Mere Pyare Prime Minister Movie Review: One Of Those Lovely Little Surprises That Hits You In All The Right Places

Rakeysh Omprakash Mehra’s Mere Pyare Prime Minister is one of those wonderful little reminders of why I watch every Hindi film release. That gems can be discovered in the unlikeliest of places. And perhaps above all, not to judge a book by its cover, or in this case a movie by its appearance.

What at first glance looked to be yet another film which hopes to bludgeon you over the head with a social message, and perhaps border on propaganda territory, is actually a wonderfully simple, heartfelt and surprisingly affecting tale about one boy’s mission to get a toilet built in his slum.

To the credit of writers Hussain Dalal, Rakeysh Omprakash Mehra and Manoj Mairta, apart from a few shaky scenes, the film doesn’t get too carried away with ambition, melodrama and life-altering impact. Instead, they set out to tell a small, self-contained story which in moments becomes a thing of gentle beauty. Mehra’s film is confidently made, and strangely (yet refreshingly) very un-Bollywood in approach and aesthetic. If anything, it’s far closer to a film you’d expect to see at a festival.

MPP follows the story of Kanhaiya (Kanu), played by Om Kanojiya, a young boy who lives in a Mumbai slum with his  single mother Sargam (Anjali Patil). Their slum, like many, doesn’t have public toilets which leaves those who live there to defecate in the open That is until, one night when a lone Sargam ventures out to do her business only to be cornered by a local policeman and raped. While Kanu doesn’t quite understand the nature of what’s happened, he sees his mother’s distress and feels her pain. While she comes to terms with her ordeal, young Kanu and his friends set off on a quest to build a toilet for his mother whatever the cost, even If it means going to the Prime Minister himself.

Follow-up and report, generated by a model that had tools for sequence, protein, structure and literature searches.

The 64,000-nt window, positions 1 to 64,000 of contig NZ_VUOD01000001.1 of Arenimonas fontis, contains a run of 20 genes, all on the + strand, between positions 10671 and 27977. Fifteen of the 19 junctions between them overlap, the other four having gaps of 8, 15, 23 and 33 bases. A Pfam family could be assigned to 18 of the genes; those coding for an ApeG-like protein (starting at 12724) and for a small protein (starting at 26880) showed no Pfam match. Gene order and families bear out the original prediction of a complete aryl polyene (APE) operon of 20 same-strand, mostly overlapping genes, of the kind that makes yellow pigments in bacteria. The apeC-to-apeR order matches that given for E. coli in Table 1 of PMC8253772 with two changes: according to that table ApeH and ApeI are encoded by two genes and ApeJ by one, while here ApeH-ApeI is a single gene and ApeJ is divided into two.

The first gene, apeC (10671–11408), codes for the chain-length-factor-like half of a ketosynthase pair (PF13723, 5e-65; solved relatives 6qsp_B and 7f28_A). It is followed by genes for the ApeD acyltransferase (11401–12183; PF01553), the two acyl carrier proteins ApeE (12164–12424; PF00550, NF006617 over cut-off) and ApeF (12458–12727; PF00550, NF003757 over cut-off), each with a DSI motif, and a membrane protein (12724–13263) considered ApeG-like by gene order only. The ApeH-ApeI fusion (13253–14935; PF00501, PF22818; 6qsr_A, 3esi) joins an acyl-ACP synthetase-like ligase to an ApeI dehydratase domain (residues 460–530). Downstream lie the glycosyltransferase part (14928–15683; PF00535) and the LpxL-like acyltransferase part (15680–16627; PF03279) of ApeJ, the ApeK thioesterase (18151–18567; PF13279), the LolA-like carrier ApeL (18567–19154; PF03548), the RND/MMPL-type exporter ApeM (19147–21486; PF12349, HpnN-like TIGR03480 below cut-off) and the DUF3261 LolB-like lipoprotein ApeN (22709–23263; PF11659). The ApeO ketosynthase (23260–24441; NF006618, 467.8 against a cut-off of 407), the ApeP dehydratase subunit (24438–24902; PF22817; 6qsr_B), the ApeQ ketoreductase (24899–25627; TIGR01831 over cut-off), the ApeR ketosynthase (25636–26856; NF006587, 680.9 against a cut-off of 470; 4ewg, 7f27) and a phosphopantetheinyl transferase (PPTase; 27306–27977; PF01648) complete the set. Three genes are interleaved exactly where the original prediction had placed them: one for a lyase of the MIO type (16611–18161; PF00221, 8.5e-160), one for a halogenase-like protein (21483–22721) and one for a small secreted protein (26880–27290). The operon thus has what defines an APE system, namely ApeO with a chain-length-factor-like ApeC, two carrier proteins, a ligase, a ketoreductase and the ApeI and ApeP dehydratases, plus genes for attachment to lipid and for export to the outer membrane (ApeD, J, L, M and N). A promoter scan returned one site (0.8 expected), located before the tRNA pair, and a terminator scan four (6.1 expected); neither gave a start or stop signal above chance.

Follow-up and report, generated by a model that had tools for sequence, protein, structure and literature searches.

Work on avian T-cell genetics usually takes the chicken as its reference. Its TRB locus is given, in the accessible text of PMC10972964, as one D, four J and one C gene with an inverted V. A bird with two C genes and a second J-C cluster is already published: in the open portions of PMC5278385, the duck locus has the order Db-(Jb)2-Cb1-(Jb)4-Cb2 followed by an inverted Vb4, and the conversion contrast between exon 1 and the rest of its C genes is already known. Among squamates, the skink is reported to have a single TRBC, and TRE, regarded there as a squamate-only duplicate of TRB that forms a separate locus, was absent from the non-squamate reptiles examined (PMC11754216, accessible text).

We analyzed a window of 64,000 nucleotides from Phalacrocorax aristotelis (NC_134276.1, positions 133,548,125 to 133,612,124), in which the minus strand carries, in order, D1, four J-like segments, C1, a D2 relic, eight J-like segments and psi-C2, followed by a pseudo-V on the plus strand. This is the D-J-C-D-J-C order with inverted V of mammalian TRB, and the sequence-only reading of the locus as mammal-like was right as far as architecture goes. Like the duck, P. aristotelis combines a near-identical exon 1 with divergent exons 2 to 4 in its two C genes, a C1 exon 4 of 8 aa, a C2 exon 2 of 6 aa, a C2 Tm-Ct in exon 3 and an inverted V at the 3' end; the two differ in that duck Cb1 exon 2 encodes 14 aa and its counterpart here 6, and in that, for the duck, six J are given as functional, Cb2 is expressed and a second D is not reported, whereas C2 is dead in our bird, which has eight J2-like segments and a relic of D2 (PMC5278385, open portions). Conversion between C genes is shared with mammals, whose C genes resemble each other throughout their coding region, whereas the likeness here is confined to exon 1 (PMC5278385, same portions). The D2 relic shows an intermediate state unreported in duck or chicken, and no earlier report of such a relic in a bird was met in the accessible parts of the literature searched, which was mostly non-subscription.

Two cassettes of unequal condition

The film’s first half plods along, unassuming, without doing too much to grab your attention, simply showing us its characters go about their lives – which weirdly works in its favour. Its only-post interval, when our young lead has his sights set on building a toilet come what may, that you truly fall in love with Kanu, his mother and above all his friends.

The four young’uns that make up Kanu’s gang are the soul of MPP which allow it to soar when it does. The film’s best portions are those which focus on them and their adventures and exchanges. One scene early on, sees a foreigner who frequents the slum, presumably because she works for an NGO, give Kanu a crate of condoms to distribute freely. Watching him and the gang run around town distributing them to one and all is hilarious and a joy to watch. Similarly, a scene later on, shows the four go about the length of the city to raise funds however they can to build the toilet, which is equally delightful.

In these moments, MPP reminded me of Sean Baker’s fantastic The Florida Project which similarly centres on the playful, often hilarious adventures of young children who live in a world of poverty. As Kanu, Om Kanojiya is arguably the least enjoyable to watch among the four, what he lacks in acting chops he makes up for in innocence and general adorable-ness. In terms of the wider performances, the usually fantastic Anjali Patil (of Kaala and Newton fame) works well enough here, though doesn’t really uplift things as you’d hope. A special nod to the sincere Niteesh Wadhwa who plays Pappu, the man who loves Sargam.

Though certain scenes fall flat and feel cringe-worthy. One where Kanu and gang visit a local BMC office to demand a toilet be built, serves as nothing more than fact-feeding for the audience. Similarly, when told they need to go to the Prime Ministers’ house the kids literally jump on a train with ease and walk right up to his house, deliver their message and then come back. Because it’s literally that easy. Equally the film’s climax feels the need to put Kanu in a random life-threatening situation just for the sake of dramatic flair which was entirely unnecessary.

In the end, MPP makes you realise and appreciate just how diverse director Mehra’s filmography really is as one of our most interesting filmmakers. I for one am glad I made the trip to watch Mere Pyare Prime Minister, a film that reminds me of why I do what I do – magic can be found anywhere. I’m going with three and a half stars.

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